Complexity Fetishism, the Euro Crisis and a worthy challenge for 2012: Part B

20/01/2012 by

Part B: The lure of naive models in the era of financialisation (*)

[(*) For the rationale of this four-part series of posts, as well as for Part A of the series, click here.]

Preface: Part A of this four-part series of posts began by focusing on the problematic application of the analytic-synthetic method to socio-economic interactions. It argued that the economists’ penchant for ‘analysing’ complexity (through a process of breaking it down to its ‘constituent parts’, before synthesising the knowledge of those parts into a macro theory of the whole) delivers logically incoherent insights regarding the phenomena under study. But, remarkably, because the analysis itself is so complex (from a mathematical perspective), few can see through these models and realise their inanity. And given that the economists’ models have a great deal of utility for politicians and financiers, they become established as ‘conventional wisdom’.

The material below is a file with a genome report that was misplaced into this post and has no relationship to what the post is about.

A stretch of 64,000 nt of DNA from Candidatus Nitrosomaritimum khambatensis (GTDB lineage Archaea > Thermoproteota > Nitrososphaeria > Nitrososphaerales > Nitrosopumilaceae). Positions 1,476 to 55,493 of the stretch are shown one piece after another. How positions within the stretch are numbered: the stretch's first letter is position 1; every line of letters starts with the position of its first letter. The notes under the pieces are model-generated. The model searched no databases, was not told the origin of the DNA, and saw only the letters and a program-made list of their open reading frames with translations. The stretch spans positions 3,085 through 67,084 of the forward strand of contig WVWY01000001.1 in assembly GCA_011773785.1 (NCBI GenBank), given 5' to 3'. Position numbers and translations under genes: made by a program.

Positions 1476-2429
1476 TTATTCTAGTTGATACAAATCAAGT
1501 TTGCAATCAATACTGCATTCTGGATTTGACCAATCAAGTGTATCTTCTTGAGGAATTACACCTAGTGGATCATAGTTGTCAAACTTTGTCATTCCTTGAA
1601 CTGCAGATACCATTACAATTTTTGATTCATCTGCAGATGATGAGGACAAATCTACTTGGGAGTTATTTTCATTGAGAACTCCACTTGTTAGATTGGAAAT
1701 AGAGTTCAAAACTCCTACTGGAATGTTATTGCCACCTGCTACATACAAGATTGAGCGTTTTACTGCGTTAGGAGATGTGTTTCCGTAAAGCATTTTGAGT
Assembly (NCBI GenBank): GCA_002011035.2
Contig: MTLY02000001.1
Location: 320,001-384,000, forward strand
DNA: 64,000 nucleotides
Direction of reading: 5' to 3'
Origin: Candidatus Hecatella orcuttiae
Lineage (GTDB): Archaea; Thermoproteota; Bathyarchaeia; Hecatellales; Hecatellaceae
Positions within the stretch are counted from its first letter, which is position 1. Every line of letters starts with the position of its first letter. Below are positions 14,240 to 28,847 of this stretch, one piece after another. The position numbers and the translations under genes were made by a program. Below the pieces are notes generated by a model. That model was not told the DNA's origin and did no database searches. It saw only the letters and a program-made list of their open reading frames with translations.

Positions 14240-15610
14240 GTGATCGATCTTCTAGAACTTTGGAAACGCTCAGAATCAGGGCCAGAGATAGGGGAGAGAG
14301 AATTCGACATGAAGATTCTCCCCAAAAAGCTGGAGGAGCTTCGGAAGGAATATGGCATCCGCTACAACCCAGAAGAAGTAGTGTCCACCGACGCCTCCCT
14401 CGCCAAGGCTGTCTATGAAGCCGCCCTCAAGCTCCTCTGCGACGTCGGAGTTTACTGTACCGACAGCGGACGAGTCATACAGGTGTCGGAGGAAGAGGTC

B1. Is it a matter of dishonesty? On the process by which the economics’ profession becomes ‘captured’ by its theoretical artefacts

If I am right (that the analytic-synthetic approach of mainstream economics produces logical incoherence of untold complexity), how come so many smart economists pursue this practice, building on it fabulous careers in the best universities? Is there a conspiracy? No and no, is the simple answer. There is no conspiracy and it would be absurd to think that the economists involved knowingly indulge in theoretical subterfuge. So, what is going on? Here is what I think the answer is: